There's no arguing that Tom Hooper's "Les Misérables" is a big film. It is based on both a very big book by Victor Hugo and a stage version that has been seen by 60 million people in 42 countries. It is a tale of big ideas and social upheavals. The film runs more than 21/2 hours, and it sports a cast of more than 200 credited roles and masses of extras. And it was definitely a big job for costume designer Paco Delgado, who had to create approximately 2,200 costumes for a time period that spanned much of the first half of the 19th century. And for his efforts, Delgado earned an Oscar nomination last week.
But first Delgado had to catch up on the story. He'd always meant to read the book but hadn't gotten to it before taking on the job ("It is so huge!"). So, he went at it full bore — reading it "in planes, in the tube, while in cars, in the bath" — and found it immensely helpful. "You get all this description of daily life at that time in Paris: what people ate, what they were wearing, how the streets looked and the social positions of people. It gave me a frame to start visualizing things. I was in Paris doing research and stayed on a small side street, and the chapter I read there mentioned the street Marius' grandfather had built his palace on, and it was the same street! I thought that was amazing."
How did you arrive at Hugh Jackman's Jean Valjean silhouette?
One of the things Tom wanted for [Valjean] was to portray that he had a journey into sainthood somehow. He thought he was a man with a quest. He wanted to show at the beginning that he was a really rough person, and little by little he got more sophisticated. So we started with a very dramatic color, a really bright red color, in the jail and used rough textures, rough linens and coarse wools, and as he gets more sophisticated his palette gets more sophisticated. By the end of the film we wanted to show him in a Minimalistic aura, a whitish, monkish look. I took this from a Goya painting. We did a lot with paintings, Delacroix, Goya, [Jacques-Louis] David, Ingres — after all, paintings were the photography and journalism of the period.
What was the film's overall palette?
One of the things we looked at in the period's paintings was that it was a very patriotic moment in history and especially in France. It was a time of defining individual freedom and the foundations of the democracy we now have. So most of the period's paintings had a lot of repetition of red, white and blue, and we tried to use that patriotic French palette through the movie.
And specifically red.
Red is a very dramatic color. It's also the color the eye picks up first: Six different colors and the first one the eye sets on is red. Red has so many connotations: It is danger, it is blood. If you are driving and you see danger signs, what color are they? But it's also a color with a lot of power. The use of red for us was much more emotional, on an emotional level, to portray people who were in danger or who had fallen from grace — also, the bravery that red implies.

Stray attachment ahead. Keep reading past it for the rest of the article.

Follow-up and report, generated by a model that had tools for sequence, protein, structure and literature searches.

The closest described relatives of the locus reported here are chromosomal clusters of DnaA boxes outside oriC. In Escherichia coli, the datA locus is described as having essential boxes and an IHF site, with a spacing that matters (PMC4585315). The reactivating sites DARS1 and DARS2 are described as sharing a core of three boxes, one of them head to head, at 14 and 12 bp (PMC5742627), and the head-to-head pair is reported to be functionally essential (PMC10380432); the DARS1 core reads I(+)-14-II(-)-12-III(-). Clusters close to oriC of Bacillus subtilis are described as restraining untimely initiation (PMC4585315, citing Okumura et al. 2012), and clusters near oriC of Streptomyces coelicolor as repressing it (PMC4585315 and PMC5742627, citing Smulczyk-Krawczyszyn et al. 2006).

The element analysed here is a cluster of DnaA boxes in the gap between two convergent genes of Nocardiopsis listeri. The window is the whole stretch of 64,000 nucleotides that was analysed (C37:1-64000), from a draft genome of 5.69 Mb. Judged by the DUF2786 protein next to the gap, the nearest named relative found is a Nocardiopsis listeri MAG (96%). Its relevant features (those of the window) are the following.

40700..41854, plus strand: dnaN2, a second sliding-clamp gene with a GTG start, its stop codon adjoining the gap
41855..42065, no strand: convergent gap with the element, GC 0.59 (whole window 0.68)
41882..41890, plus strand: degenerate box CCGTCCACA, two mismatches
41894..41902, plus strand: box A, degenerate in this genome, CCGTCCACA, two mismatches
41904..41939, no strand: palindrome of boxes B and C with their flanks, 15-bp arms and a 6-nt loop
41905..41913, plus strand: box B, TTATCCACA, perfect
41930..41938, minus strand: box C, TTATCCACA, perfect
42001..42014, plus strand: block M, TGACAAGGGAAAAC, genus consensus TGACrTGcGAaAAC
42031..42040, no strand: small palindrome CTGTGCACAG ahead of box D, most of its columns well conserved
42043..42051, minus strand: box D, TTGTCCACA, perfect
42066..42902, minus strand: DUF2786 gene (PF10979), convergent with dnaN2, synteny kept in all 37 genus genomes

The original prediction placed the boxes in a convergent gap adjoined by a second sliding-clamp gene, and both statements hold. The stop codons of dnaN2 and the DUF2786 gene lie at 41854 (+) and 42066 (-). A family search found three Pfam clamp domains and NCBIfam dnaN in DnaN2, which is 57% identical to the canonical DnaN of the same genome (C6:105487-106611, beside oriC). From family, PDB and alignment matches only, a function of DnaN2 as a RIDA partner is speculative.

Russell Crowe wore blue with silver-gray tones.
Javert is a monotype character: He varies, but he hasn't got the variety that Jean Valjean has. He's a very solid character. We thought we wanted to start in a very light blue and go darker and darker until we get something almost like black. That idea came from talking with Russell; he wanted the character to have a development in the movie. And I knew that I wanted him to look very much the same all the time since he was really the same person until the very end, when he breaks down and realizes that Jean Valjean's attitude is based on goodness.
How did the bright colors of the Thénardiers appear?
It's a story that has so much grief that to have these kinds of characters is a blessing, so it was good to change your palette and get into the comedy act. And just by chance, when talking to Helena Bonham Carter [Madame Thénardier] early on, she said, "Do you know my mother's Spanish?" I started to think about putting Spanish elements to her costume. Since there was permeability at the borders back then, I thought of the Thénardiers as magpies, stealing things from here and there, so that's what I did for her. A lot of her corset and sleeves came from a very old matador outfit I had.
Did Anne Hathaway have a lot of input into the development of Fantine's costume and overall look?
Yes, definitely. First thing, she's a very committed actress, and she wanted to bring a physical attitude to the character. She wanted to emaciate herself because she wanted to have a proper look of someone who didn't eat. And we talked a lot about that. What can we do to make her seem even thinner, shadow the costumes on the side, etc.? And the color of her costume at first was lavender and little by little it gets whiter and white; we had six or seven of the same costume and bleached and bleached them, and also made them more raggedy every time you see her, until there is the beautiful red color when she becomes ill and has to be taken to hospital.
How did the costumes for poor people's clothes develop?
[In our research] we found out that if you weren't rich you wore secondhand clothes. If you were a poor person, you had to then buy clothes that were necessarily produced 20-30 years ago. So for the later beggars' costumes we used rich people's clothes from earlier in the film. We had an amazing team breaking down all the costumes; they sanded them down with sandpaper, brushed them with hard brushes, blow-torched them, painted them, put grease or oil on them to pretend that they had never been washed.